It was at the Montoire-sur-le-Loir station that Hitler met with Philippe Pétain, the leader of the german friendly Vichy regime, on October 24, 1940. The meeting and the handshake between the two have in a way become a symbol of the Vichy regime’s cooperation with Nazi Germany, although any documents had never been signed. During the meeting, Hitler asked Pétain if he would be willing to declare war on Britain, but Pétain was not willing to do so. Hitler did not make much effort to persuade Petain and let the matter rest. For Hitler, the most important thing was that Pétain cooperated with the Germans. The meeting had been preceded by the Vichy’s Prime minister, Pierre Laval, meeting with Hitler at the same station two days earlier where he proposed a meeting between Hitler and Pétain.

Current status: Preserved with museum (2014).

Address: Avenue de la République, 41800 Montoire-sur-le-Loir.

Get there: Car.

My comment:

The station is today a small museum about the meeting between Hitler and Pétain and there is a very detailed model of the station with Hitler’s train.

Before France’s capitulation, Marshal Philippe Pétain was a French national hero, he was the one who had defeated the imperial German army at Verdun during the First World War. However, when France faced defeat in June 1940, he advocated capitulation and passive cooperation with the Germans, hoping to save some of France’s autonomy from German occupation. France surrendered on 22 June 1940, and on 10 July a nominal French state (a free zone) was proclaimed in the spa town of Vichy, and the new state was therefore also called the Vichy regime. This meant that with the approval of the French parliament, Pétain was given unlimited powers in the new state.

Pétain had the hope of appeasing the Germans and make them free French prisoners of war. Pétain was actually opposed to closer cooperation with the Germans, which his prime minister Pierre Laval advocated, therefore Pétain dismissed Laval in December 1940. However, the Germans forced Pétain to reinstate Laval in April 1942 and from then on Pétain’s role became more of nominal and Laval became de facto the real leader. But the Vichy regime was immediately an authoritarian state and camps were set up for both Jews and opponents of Pétain (and the Germans). The Vichy regime also instituted a couple of anti-Jewish laws (Statuts des juifs) in 1940 and 1941 that put French jews and other jews in France at risk of being imprisoned and deported eastward.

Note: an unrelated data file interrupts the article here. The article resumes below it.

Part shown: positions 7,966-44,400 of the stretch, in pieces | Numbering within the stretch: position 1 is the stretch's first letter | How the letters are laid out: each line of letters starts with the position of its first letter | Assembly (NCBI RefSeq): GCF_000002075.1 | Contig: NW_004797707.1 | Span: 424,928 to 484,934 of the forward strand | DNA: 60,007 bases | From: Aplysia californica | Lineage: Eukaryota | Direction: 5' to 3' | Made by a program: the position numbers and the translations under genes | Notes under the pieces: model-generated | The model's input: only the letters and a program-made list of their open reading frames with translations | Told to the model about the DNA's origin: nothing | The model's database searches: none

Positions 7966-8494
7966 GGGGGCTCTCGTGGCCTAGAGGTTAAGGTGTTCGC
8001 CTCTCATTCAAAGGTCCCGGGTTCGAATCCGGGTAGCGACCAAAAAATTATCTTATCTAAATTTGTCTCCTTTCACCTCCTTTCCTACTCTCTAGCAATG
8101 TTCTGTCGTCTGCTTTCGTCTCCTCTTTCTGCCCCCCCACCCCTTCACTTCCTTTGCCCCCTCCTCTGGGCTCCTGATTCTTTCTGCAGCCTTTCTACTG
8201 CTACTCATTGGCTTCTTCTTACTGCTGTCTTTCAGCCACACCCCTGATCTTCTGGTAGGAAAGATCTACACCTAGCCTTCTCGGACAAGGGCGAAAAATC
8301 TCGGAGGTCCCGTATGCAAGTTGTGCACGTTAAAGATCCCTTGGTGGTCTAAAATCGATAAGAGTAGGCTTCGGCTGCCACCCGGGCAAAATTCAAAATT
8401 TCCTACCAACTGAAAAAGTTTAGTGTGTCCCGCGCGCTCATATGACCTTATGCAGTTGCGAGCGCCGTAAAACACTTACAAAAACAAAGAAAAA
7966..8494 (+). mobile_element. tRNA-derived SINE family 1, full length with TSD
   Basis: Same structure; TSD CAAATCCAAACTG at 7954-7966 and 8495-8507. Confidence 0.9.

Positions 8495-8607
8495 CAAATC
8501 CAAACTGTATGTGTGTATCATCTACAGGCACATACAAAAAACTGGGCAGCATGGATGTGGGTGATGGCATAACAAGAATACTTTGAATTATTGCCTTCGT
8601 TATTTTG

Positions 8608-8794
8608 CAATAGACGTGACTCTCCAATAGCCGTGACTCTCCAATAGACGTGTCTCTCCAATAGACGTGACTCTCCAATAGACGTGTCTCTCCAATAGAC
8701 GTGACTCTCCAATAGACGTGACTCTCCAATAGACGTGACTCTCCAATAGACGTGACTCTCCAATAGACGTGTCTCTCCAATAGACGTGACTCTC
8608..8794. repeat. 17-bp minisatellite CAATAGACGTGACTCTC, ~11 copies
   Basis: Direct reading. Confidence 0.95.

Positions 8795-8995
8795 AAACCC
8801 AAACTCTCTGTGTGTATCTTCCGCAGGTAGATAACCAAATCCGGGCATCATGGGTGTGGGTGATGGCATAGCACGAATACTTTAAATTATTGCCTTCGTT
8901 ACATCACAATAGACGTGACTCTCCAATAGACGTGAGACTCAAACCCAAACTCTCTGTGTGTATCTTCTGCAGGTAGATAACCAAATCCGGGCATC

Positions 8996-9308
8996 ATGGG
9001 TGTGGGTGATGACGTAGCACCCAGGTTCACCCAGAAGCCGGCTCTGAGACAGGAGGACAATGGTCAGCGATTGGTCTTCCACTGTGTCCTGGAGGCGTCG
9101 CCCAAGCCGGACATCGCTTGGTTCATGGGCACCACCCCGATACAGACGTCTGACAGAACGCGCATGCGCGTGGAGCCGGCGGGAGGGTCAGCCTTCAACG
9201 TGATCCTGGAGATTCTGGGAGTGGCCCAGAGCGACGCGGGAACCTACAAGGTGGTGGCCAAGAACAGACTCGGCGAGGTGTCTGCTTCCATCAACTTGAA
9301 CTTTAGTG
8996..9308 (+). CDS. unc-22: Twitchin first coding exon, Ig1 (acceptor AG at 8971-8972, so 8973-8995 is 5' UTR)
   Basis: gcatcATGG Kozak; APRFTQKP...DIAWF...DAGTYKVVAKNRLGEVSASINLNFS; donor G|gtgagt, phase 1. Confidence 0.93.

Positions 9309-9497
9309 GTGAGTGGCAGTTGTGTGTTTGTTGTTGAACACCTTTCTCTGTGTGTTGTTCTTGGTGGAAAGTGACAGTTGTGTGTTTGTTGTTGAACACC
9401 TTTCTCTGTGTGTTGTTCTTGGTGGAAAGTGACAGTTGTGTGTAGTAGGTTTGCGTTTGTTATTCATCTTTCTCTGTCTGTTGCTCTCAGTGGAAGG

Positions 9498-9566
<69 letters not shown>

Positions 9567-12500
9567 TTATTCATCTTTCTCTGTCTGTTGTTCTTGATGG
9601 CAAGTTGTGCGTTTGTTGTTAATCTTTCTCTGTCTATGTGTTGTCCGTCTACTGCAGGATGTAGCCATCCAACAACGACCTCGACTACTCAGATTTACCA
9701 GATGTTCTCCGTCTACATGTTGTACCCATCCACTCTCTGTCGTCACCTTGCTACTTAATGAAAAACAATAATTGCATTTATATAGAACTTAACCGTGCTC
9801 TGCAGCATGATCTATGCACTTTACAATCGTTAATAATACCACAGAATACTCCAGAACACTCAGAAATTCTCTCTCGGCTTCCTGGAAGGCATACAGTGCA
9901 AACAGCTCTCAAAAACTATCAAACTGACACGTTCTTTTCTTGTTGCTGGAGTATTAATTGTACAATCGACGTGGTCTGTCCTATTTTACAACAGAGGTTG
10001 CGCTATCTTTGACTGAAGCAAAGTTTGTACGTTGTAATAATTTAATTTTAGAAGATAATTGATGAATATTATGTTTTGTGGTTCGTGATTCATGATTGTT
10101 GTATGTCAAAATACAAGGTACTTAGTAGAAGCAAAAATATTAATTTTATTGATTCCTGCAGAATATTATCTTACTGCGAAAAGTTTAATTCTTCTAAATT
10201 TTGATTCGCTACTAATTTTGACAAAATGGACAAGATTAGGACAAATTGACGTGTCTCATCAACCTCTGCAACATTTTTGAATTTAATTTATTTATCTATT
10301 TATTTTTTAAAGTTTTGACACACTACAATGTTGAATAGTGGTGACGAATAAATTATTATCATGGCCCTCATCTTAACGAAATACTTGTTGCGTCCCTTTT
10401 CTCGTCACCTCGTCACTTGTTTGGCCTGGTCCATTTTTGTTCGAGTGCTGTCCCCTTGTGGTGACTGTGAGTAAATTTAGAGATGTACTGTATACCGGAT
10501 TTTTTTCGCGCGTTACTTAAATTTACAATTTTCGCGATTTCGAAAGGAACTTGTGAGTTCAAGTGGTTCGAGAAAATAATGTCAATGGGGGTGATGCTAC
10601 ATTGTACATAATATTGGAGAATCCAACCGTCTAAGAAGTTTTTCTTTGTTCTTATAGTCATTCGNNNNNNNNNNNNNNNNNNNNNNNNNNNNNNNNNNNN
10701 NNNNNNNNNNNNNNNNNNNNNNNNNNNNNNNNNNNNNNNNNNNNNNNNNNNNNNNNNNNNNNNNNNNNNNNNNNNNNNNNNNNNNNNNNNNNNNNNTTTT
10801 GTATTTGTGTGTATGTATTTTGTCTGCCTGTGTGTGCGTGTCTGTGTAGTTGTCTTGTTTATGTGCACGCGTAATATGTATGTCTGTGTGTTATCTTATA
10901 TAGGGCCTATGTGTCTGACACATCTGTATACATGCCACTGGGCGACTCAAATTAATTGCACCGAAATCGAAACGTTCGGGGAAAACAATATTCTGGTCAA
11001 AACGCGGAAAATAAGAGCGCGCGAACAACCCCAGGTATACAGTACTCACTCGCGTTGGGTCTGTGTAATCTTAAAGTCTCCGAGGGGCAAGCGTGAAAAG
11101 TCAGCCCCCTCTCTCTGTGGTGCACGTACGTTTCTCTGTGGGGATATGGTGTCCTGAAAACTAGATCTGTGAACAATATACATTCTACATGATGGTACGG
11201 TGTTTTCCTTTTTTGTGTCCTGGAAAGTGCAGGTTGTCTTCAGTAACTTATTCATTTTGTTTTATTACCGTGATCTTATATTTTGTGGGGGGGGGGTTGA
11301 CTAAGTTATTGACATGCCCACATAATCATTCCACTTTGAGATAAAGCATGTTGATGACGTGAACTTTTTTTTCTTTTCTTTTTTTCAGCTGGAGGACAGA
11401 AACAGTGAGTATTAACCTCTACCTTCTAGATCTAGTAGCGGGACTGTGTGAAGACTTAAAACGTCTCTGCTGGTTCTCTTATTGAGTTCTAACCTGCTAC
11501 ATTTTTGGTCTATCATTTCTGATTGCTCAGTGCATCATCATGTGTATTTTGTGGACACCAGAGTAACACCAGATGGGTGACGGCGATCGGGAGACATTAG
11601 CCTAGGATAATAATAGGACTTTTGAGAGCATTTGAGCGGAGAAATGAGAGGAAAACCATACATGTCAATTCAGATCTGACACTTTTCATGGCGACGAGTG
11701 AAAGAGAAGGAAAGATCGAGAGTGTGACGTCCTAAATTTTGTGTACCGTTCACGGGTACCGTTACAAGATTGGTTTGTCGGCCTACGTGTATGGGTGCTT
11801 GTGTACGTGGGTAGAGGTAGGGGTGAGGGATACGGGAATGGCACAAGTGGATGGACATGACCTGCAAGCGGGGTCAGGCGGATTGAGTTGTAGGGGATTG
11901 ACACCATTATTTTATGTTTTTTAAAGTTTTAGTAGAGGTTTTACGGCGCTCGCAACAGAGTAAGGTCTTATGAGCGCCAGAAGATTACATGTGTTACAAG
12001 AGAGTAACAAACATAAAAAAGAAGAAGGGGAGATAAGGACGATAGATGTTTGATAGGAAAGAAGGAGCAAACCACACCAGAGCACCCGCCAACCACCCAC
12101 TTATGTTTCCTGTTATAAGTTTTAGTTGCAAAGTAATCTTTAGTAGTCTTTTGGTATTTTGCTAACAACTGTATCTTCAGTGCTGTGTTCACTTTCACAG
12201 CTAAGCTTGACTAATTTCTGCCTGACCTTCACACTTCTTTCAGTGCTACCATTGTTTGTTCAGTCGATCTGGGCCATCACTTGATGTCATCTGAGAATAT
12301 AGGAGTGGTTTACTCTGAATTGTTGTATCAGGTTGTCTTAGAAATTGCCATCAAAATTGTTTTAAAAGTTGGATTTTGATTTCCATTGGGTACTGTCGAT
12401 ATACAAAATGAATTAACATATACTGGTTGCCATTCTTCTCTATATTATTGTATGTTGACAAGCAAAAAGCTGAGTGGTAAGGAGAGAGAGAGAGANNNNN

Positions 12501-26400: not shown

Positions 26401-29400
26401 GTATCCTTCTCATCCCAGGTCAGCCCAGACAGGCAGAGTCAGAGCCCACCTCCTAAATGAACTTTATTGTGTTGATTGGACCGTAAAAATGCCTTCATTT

After the allied landing in North Africa in November 1942, the Germans occupied the free zone. Pétain remained in office (with Laval as prime minister) as the chief leader of the Vichy regime until 19 August 1944 when the Germans placed him under arrest. After the war, Pétain was put on trial and sentenced to death, a sentence that was later changed to life imprisonment. Pétain was held beyond all the limelight and sent to an isolated island off the French Atlantic coast where he died and buried in 1951 at the age of 95. Laval was also arrested but he was sentenced to death.

Follow up in books: Kershaw, Ian: Hitler – A Biography (2008).